Sri Aurobindo notes:  “The first marked sign of a rational evolution is the tendency of code and constitution to prevail over custom.  But still there are codes and codes.  For first there are systems that are unwritten or only partly written and do not throw themselves into the strict code form, but are a floating mass of laws, decreta, precedents, and admit still of a large amount of merely customary law.  And again there are systems that do take the strict code form, like the Hindu Shastra, but are really only an ossification of custom and help to stereotype the life of the society but not to rationalise it.  Finally, there are those deliberately ordered codes which are an attempt at intelligent systematisation; a sovereign authority fixes the cadres of the law and admits from time to time changes that are intelligent accommodations to new needs, variations that do not disturb but merely modify and develop the intelligent unity and reasonable fixity of the system.  The coming to perfection of this last type is the triumph of the narrower but more self-conscious and self-helpful rational over the larger but vaguer and more helpless life-instinct in the society.  When it has arrived at this triumph of a perfectly self-conscious and systematically rational determination and arrangement of its life on one side by a fixed and uniform constitution, on the other by a uniform and intelligently structured civil and criminal law, the society is ready for the second stage of its development.  It can undertake the self-conscious, uniform ordering of its whole life in the light of the reason which is the principle of modern socialism and has been the drift of all Utopias of the thinkers.”


Sri Aurobindo, The Ideal of Human Unity, Part Two, Chapter 21, The Drive towards Legislative and Social Centralisation and Uniformity, pg. 184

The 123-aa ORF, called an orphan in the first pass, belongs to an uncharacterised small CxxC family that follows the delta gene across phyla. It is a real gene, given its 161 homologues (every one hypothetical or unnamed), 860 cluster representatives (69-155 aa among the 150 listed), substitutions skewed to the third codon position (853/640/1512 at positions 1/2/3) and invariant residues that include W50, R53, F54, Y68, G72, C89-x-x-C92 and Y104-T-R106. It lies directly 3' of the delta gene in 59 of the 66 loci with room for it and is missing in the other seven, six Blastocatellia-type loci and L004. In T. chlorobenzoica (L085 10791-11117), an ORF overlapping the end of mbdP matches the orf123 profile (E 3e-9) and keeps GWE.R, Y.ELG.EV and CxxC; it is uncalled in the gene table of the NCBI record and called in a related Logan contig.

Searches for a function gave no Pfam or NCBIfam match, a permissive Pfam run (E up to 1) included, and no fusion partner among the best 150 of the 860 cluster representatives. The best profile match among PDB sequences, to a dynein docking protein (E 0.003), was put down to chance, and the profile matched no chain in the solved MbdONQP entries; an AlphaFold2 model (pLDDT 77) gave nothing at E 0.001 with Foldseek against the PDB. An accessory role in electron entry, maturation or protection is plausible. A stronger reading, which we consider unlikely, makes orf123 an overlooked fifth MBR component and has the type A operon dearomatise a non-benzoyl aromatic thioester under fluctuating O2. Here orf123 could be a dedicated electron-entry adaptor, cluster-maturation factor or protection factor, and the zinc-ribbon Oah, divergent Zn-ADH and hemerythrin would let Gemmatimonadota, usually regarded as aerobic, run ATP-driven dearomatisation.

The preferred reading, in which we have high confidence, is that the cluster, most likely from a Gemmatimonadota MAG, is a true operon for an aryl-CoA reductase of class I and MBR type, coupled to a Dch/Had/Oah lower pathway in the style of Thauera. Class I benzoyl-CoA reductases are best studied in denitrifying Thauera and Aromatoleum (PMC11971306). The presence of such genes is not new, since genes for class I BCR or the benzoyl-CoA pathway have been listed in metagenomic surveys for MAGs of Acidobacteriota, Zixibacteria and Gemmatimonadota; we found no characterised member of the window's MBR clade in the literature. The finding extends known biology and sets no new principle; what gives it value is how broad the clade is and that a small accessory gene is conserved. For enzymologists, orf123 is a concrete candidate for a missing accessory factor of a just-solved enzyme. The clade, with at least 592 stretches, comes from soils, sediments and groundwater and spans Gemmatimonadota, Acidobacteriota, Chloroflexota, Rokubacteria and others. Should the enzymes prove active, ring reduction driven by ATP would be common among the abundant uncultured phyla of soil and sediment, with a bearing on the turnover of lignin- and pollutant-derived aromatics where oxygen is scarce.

The Flexibility of Law Based on Societal Custom

When we observe traditional societies, prior to the development of a systematised body of regulations and laws, we find that there may be certain basic similarities within a culture, but that the actual application may vary from group to group, tribe to tribe, clan to clan.  There is considerable discretion to take into account varying circumstances, needs and backgrounds.  Thus, law is a fluid concept, applied by the people of a community on their own community.

As law becomes more formalized and organized, this fluidity and variation begins to disappear until finally there is a codified system that gets applied across all people within the society in a more or less uniform fashion, dependent primarily on the vagaries of the specific legal system, the amount of control or influence exercised by the executive in that society, and the discretion permitted to judges in terms of interpreting and applying that law.

Sri Aurobindo observes:  “In its beginning, law is always customary and where it is freely customary, where, that is to say, it merely expresses the social habits of the people, it must, except in small societies, naturally lead to or permit considerable variety of custom. …  This spontaneous freedom of variation is the surviving sign of a former natural or organic life of society as opposed to an intellectually ordered, rationalised or mechanised living.  The organic group-life fixed its general lines and particular divergences by the general sense and instinct or intuition of the group-life rather than by the stricter structure of the reason.”

Sri Aurobindo, The Ideal of Human Unity, Part Two, Chapter 21, The Drive towards Legislative and Social Centralisation and Uniformity, pp. 183-184